Air transport is being used as a scapegoat for global warming, a group for UK commercial pilots has claimed.
Plane makers such as Boeing are working on more efficient airliners.
The British Airline Pilots' Association (Balpa) says "half truths and untruths" have made passengers feel guilty about taking a flight.
In its report, Balpa says air travel accounts for only 2-3% of global carbon dioxide emissions.
But some environmentalists say that share will increase significantly because of a greater number of flights.
Balpa disagrees, saying the contribution of air travel to global carbon dioxide emissions will only rise to 6% by 2050.
UK CARBON EMISSIONS
1. Manufacturing 25.5%
2. Road transport 25.7%
3. Civil aviation 0.5%
4. Other transport 1.3%
5. Commercial 14%
6. Residential 26.5%
7. Agriculture/forestry 1.3%
8. Military transport 0.6%
9. Industrial processes 2.5%
10. Waste treatment 0.1%
11. Exports 2.4%
Figures apply to flights within the UK. If international flights from the UK are included, the total is an estimated 6.3%.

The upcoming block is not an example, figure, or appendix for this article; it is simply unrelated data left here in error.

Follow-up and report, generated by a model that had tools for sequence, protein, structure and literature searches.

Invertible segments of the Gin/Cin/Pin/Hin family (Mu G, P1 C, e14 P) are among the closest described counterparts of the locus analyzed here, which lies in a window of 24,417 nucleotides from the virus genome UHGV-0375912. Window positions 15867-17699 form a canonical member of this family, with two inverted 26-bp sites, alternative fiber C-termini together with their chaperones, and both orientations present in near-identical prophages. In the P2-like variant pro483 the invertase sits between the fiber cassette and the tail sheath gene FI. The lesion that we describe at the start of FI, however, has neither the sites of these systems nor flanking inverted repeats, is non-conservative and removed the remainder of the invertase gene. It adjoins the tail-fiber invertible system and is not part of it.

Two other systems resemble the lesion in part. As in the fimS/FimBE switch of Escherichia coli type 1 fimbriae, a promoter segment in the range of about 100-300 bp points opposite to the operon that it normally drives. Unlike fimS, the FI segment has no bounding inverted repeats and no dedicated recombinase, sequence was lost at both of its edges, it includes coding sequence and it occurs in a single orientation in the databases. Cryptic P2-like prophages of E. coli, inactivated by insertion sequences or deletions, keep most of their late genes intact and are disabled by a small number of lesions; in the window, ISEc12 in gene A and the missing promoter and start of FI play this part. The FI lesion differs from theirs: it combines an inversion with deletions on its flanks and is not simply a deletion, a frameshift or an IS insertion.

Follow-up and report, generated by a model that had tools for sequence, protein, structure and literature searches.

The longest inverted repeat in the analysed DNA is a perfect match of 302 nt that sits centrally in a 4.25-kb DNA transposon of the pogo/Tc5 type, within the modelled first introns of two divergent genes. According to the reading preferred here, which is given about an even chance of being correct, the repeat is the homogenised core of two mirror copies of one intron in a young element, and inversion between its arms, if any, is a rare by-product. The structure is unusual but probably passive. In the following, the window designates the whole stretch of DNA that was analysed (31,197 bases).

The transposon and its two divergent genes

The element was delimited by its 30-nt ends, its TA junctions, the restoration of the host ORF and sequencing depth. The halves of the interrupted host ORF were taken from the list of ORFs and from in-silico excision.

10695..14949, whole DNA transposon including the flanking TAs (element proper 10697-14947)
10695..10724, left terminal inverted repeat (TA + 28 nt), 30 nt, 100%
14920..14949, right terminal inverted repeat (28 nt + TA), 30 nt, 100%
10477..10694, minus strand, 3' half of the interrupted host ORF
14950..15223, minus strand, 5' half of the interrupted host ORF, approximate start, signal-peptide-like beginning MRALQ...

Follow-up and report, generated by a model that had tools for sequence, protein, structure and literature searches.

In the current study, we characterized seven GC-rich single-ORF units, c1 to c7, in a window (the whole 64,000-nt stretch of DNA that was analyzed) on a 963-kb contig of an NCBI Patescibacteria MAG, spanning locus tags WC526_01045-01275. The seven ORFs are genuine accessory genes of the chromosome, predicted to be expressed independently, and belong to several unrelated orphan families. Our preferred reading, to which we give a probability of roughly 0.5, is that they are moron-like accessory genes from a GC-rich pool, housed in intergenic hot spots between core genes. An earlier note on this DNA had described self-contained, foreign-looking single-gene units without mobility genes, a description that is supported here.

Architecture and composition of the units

Source: Defra 2005
Chairman Mervyn Granshaw said the latest jets were more carbon efficient than the newest high-speed trains on longer journeys.
"Our report clearly shows that technological advances now being researched will cut aircraft emissions still further," he said.
"It would be inappropriate and premature to restrict air transport at this time.
"The damage that would be done not only to our industry but to tourism and to the economies of developing nations would be enormous."
He said the industry would play its part in addressing carbon dioxide emissions and that air travel had become "an easy target".
"No-one is calling for any dramatic cutback in car travel - the biggest polluter of all transport modes," he added.
Campaign group Greenpeace said the report was "pure propaganda".
Its director, John Sauven, said: "This report is pure propaganda. The aviation industry should be embarrassed by this nonsense.
"The authors assume everyone drives a top of the range 4x4 across continents, before taking the QE2, then jumping on a Maglev bullet train and still they have to conclude that flying is worse for the climate."
The Green Party also criticised BLPA for "putting profit before the climate".
Darren Johnson, Green London Assembly member, said: "This is not the first time that an industry has distorted the science of climate change in order to protect its profits.
"It would be wholly wrong to take the word of interested parties over the considered and overwhelming international scientific opinion."
The Balpa report has been presented to the government.